One of our orthopedic partners brought me this article recently.  Some comments.

The author’s conclusion is that Medicare’s pay cuts for orthopedic surgeons performing total knee replacements has paradoxically resulted in more of these surgeries being performed and an overall increase in cost to Medicare.  The authors correctly surmise that the surgeons are attempting to achieve “income homeostasis.”  But then they gloss over their own punch line.  This increase in the number of total knee replacements caused an increase in the total expense exclusively due to the large facility fees paid by Medicare to the big hospitals.  

Did you catch that?  Remember Eli Lehrer’s claim that exorbitant physician salaries were the reason that medical care was so expensive in this country?  This is no exception to the law of supply as the authors state, but rather, the equivalent of someone eating more slices of pizza once they are sliced thinner.  The authors also arrogantly pontificate about what the “right” number of total knee replacements should be and what the “right” charge for this should be.  These guys have never heard of Murray Rothbard, I’ll bet.

This is an example of the failure of the central planners trying to control a market by deliberately lowering the payment to the surgeons to an amount below what is believed to be the market clearing price, a deliberate attempt to cause a shortage of supply…rationing, in other words.  But the policy dunces in D.C. got it wrong once again, with the hospital charges busting the budget.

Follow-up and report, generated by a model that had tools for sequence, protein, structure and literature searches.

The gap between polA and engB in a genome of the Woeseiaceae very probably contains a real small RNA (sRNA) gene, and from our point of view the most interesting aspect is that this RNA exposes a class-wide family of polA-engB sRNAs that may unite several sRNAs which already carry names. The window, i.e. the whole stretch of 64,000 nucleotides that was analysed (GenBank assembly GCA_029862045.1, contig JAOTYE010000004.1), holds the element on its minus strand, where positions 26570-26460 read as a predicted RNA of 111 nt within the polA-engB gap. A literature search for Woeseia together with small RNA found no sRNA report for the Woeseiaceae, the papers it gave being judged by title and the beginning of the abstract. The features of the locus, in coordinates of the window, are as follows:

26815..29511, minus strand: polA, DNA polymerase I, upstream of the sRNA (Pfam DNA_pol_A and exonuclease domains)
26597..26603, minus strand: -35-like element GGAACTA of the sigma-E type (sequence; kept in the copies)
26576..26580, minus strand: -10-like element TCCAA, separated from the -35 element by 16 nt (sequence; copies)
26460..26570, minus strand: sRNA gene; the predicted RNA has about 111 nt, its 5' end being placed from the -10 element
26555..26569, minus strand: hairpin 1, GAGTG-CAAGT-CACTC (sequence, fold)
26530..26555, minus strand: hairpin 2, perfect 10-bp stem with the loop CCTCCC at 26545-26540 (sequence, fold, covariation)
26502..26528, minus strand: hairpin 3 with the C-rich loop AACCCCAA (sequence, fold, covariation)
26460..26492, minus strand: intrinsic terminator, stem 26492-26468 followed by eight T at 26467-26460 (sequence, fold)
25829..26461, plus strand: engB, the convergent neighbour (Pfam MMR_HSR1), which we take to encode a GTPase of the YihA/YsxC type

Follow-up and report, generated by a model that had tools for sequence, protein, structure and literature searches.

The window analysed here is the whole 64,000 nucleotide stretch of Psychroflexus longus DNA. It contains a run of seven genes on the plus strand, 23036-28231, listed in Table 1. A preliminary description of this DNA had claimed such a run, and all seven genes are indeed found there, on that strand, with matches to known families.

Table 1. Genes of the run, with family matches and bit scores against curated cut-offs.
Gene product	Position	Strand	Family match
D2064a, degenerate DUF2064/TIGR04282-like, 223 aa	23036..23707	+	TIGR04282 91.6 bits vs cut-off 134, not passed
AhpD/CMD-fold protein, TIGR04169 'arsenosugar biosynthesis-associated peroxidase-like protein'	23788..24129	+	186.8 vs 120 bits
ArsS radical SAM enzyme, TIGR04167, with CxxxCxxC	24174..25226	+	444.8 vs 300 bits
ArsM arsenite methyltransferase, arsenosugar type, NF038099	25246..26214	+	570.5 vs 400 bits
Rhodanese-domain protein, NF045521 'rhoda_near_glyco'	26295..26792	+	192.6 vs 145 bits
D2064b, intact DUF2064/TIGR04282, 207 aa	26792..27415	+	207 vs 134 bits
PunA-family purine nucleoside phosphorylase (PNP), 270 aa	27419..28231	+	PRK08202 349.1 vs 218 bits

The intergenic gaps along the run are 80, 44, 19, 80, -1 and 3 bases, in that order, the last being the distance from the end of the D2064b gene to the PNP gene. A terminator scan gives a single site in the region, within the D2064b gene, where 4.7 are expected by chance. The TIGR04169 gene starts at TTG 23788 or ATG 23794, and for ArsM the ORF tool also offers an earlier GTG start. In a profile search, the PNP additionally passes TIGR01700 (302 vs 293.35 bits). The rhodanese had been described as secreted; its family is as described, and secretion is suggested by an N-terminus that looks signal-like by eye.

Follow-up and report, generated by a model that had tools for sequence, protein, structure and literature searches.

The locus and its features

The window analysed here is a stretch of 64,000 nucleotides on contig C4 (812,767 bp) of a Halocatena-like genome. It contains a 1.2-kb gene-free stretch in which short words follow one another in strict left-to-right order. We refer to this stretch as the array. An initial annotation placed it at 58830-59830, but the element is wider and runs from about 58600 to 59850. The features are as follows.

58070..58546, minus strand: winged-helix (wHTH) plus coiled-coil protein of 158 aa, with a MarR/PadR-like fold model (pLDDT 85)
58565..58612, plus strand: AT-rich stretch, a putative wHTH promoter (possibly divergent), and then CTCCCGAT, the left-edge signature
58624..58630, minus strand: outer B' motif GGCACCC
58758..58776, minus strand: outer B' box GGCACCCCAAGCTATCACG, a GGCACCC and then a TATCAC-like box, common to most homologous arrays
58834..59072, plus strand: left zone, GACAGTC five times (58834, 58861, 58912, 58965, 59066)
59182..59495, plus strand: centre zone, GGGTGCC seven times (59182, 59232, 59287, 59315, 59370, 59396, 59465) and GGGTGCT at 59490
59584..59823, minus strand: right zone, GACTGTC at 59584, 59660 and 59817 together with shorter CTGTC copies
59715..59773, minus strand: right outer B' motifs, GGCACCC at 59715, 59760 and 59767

I can just hear the folks at CMS (Medicare):  ”Let’s cut these surgeons to the bone but leave our hospital pals alone.”  ”We’ll save bundles off the backs of these surgeons and they’ll see fewer of the patients needing this surgery, too!”

This is no failure of the free market.  This is the absence of a free market.  This is one of many examples of the unintended consequences of the central health planners, a failed attempt at deliberate rationing.  I expect their future attempts to ration care to the elderly to be more overt in the future.  Perhaps even those who are saying “Don’t touch my Medicare!” and even some supporters of the Unaffordable Care Act will come around to the idea that we should give the free market a real chance in the delivery of healthcare, a service upon which people’s lives depend.

G. Keith Smith, M.D.